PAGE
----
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Frequently Asked Questions: Owner's Title Insurance; Mortgage Plot Plans

                                 FREQUENTLY ASKED QUESTIONS


1. Why should I purchase owner's title insurance in connection with purchasing a home?  

For a one-time premium, an owner's policy is your best protection against potential title defects that could deprive you of your ownership rights. In the event of a claim, the title insurance company will either correct covered title problems or will reimburse you for insured losses up t to the amount of the policy and will defend against any lawsuit attacking your title as insured.  
The lender will almost always require a home purchaser to purchase a loan policy to protect its mortgage interest in your property. However, this policy protects only the lender.  

An owner's title insurance policy insures against title defects that are not covered by an attorney's certification of title. For example, the following types of title defects, so-called "hidden defects," are covered by the owner's policy:

Forged documents
Unknown creditors
Undisclosed or missing heirs
Missing signatures
Mistakes in recording
Incapacity of a grantor  

An owner's policy remains in effect for as long as you or your heirs own the property. When purchasing an owner's policy in connection with the issuance of a loan policy, a reduced "simultaneous rate" is charged.

As with any insurance policy, a title insurance policy contains exclusions and exceptions for certain matters that are not insured against. For example some of the standard exceptions in a title insurance policy are:  

A. " Any facts, rights, interest, or claims which are not shown by the public records, but which could be ascertained by an inspection of said land or by making inquiry of persons in possession thereof."

This is commonly called the "parties in possession" exception. In other words, the policy does not insure that you may gain full possession to the home.  

B. "Discrepancies, conflicts in boundary lines, shortage in area, encroachments, or any other facts which a correct survey would disclose, and which are not shown by the public records."

This is commonly called the "survey exception" and is relatively self-explanatory. After all, attorneys are not surveyors, and lenders do not require "surveys," merely plot plans.  

C. "Any lien, or right to a lien, for services, labor or material heretofore or hereafter furnished, imposed by a law and not shown by the public records."
This is commonly called the "mechanic's lien exception." Under Massachusetts law, anyone who has made "improvements" to property may file a lien on the property which would have special priority. This means that, in certain situations, a contractor, or someone who has made improvements on the property may be entitled to an enforceable lien on the property, although no lien appears at the Registry of Deeds as of the date of issuance of the title insurance policy.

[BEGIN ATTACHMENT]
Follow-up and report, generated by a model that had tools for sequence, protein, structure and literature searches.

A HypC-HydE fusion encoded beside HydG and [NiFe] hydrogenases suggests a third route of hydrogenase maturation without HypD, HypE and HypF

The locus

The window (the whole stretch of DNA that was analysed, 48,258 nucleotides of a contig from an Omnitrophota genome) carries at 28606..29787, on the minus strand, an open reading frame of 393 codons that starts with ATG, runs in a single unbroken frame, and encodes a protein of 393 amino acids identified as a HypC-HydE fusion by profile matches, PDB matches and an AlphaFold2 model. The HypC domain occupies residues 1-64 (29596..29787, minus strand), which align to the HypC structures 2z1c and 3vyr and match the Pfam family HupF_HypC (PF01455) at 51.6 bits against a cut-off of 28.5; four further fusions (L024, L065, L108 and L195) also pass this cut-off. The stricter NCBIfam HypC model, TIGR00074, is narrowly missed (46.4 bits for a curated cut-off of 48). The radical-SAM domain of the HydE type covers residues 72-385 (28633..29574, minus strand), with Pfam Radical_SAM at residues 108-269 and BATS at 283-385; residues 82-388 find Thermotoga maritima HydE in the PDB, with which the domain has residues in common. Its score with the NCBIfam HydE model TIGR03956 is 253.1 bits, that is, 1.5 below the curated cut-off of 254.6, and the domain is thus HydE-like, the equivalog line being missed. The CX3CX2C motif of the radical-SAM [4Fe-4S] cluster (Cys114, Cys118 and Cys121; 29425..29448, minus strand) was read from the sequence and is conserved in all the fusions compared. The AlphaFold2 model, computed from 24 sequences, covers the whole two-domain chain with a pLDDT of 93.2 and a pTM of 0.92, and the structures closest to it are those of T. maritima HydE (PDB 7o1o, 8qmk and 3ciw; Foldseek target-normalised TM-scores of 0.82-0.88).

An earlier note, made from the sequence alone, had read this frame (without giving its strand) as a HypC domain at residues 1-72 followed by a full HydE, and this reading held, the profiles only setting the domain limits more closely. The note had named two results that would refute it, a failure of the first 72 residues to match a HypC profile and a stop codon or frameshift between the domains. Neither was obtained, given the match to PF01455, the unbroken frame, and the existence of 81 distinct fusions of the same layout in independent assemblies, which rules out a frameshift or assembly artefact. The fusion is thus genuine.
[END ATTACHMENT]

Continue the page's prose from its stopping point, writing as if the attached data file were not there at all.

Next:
2. Why should I purchase a new plot plan?  

In connection with a purchase of a home, a plot plan is advised as there could be a  sideyard or setback violation. This means that there could be structures or improvements too close to the front lot line the rear lot line,  or too close to the side lines of the lot, according to the city or town zoning requirements, or according to private restrictions on record at the Registry of Deeds. Plot plans are not "instrument surveys," and as such, can not be relied upon for proper measurement of lot lines or dimensions . Plot plans may indicate easements which affect a parcel, and will always indicate if the dwelling is situated in a flood zone.  If the dwelling or improvements are in a flood zone, the lender will require flood insurance to be purchased.  Most lenders have special requirements regarding flood insurance and homeowner's insurance including required coverage amounts and allowed deductibles. 


This memorandum is for general informational purposes only and does not constitute legal advice or create an attorney-client relationship. This web site should not be considered a substitute for proper, individualized advice from an attorney.  

Copyright (c) 2016 Jeffrey H. Levin, Esq.